Amazon uses fast shipping, but they won't guarantee when it ships. I've been burned more than once (I mostly quit using them a couple years ago) because the thing I wanted didn't ship in time.


Ebay offers fast and free shipping on many items with guaranteed dates, usually 2 or 3 days, without having to pay for a prime membership.

I've seen online shipping speeds get a lot faster over the past couple of years so if you have quit than you might be surprised at speed and value if you come back.


Hmm, seems like Europe is further ahead in this field (I'm in Prague, Czechia). I can order the item and have it in less than 6 hours delivered to my doorstep and professionally installed, guaranteed. It costs just around triple of what would driving my own car cost.

That is available in some parts of the US as well (I have friend who get 2 hour delivery). I live "in the middle of nowhere", I can get to a big store in half an hour, but we the town is no big enough that anybody has got the fast delivery model down yet.

I guess that's why so many people have Amazon Prime. And also, why they offer multiple 30 day trials to every user...

I take the 30 day trial out each year around November 25 - just for 30 days. Handy.

"First one's on the house," said to me once an Amsterdam back-alley coke dealer.

I quite often do drugs, multiple types, though admittedly not cocaine. I've never had the luck of getting this seemingly-common "freebie" everyone mentions

It's less "here's a bag of free drugs, wander off and enjoy" and more frequently "yo, wanna do some blow with me?" I'm sure you've encountered SOMETHING like this.

Maybe if you lived in poverty in a housing project where many dealers are competing with each other and moving heroin, crack, meth, and fentanyl to desperate people who want to escape.

I guess

I did grow up in relative poverty, though not in a housing project. The area I grew up in, at the time, had lots of Crack but no Meth/Heroin etc. Still, never heard of it.

I'm quite sure it's an urban myth :-)


Wow, the username here really checks out, especially with the misspelling.

"throwaway-burnout" was taken IIRC

How about a service to take things OUT of the house. eg I have some metal waste - take that to a metal recycler. Used beverage cans (with deposit) to a charity.

In Brazil we have this http://www.cataki.org/ (pt-br) an app that connects waste pickers to people who want to dispose reusable or recyclable materials.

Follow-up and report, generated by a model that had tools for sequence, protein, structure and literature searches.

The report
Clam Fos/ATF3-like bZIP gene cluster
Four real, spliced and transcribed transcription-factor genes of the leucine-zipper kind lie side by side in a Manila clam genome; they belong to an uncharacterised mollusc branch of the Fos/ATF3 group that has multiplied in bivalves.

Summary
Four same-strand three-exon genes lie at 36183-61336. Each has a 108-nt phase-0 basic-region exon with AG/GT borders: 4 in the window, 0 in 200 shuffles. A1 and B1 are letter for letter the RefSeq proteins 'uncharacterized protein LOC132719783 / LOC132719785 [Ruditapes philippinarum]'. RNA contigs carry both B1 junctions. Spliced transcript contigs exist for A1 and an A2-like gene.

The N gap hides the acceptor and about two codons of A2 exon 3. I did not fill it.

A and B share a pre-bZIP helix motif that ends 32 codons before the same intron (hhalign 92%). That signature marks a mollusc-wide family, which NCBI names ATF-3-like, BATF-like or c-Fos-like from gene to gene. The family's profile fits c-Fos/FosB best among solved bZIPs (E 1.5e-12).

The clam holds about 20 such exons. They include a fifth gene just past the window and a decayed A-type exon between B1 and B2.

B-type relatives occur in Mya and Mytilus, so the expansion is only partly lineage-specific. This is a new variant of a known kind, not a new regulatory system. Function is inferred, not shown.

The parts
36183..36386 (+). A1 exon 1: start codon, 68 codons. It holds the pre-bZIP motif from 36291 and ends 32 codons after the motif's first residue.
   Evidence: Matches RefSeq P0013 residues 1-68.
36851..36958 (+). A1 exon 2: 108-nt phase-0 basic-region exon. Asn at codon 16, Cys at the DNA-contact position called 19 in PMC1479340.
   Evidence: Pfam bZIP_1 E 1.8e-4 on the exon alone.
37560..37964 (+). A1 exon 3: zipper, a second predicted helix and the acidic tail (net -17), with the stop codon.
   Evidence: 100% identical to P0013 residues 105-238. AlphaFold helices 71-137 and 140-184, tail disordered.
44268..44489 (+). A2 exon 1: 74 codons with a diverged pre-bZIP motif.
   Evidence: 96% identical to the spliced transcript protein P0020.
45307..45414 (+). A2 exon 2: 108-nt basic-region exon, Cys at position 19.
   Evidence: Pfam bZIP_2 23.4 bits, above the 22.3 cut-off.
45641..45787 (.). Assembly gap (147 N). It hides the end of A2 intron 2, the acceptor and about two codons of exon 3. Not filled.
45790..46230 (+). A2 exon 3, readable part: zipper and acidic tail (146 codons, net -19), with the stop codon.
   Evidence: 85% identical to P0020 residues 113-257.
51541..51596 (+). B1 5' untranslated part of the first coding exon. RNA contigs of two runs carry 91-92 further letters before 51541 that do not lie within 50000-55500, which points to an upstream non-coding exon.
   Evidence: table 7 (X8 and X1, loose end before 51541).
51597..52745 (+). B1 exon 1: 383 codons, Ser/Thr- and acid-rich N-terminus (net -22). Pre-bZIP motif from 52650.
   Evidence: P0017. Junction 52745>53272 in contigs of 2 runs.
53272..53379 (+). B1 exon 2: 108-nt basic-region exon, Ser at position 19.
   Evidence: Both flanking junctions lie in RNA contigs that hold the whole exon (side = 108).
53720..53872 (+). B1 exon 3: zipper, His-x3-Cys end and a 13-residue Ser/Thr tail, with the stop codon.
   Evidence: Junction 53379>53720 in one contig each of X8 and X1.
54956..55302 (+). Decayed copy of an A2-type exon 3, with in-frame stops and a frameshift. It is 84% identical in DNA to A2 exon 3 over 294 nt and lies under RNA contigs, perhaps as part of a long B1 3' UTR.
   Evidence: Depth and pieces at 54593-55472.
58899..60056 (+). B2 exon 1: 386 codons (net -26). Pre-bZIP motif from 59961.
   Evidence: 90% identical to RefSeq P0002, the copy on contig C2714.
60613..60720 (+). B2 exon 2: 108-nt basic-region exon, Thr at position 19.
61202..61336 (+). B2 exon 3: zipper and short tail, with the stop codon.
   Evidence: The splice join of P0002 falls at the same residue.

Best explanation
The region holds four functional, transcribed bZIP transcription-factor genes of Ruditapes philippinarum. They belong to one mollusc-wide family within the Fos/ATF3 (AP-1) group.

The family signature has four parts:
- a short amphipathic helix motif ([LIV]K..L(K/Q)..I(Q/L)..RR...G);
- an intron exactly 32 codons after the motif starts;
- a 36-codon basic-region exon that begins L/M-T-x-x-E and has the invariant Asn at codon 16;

According to this site 800,000 waste pickers in the country and 300 registered on the service.


I don't agree with all of David Siegel's views, but I first came across the concept of having a set of things you own always passively for sale (what he calls 'passive commerce') in his vision for pillar: "https://youtu.be/2VdICMlvo68?t=230" (from https://medium.com/@pullnews/announcing-the-pillar-project-1... )

As someone who wants a more waste-free society and already keeps a running list of craigslist items for sale, ebay/cl watchlists, etc. I'd be open to innovation in this space.


Never knew Snapchat was funding magazines!

"Real Life is made possible by funding from Snapchat, and we operate with editorial independence and without ads

Wonder how that happened.


You can read all about it in this article:

https://www.businessinsider.com/why-snapchat-is-funding-real...

tl;dr: The editor wrote an interesting essay that caught the attention of Snapchat CEO, which wanted more of this output.

What's interesting is that Real Life is highly critical about technology, while you would expect based on the funding a sort of think tank creating pro-tech fluff pieces.


> What's interesting is that Real Life is highly critical about technology, while you would expect based on the funding a sort of think tank creating pro-tech fluff pieces.

It's not an uncommon case. Black Mirror even lampooned it back in its second episode (Fifteen Million Merits).


Thank you - interesting story, and a very interesting editor.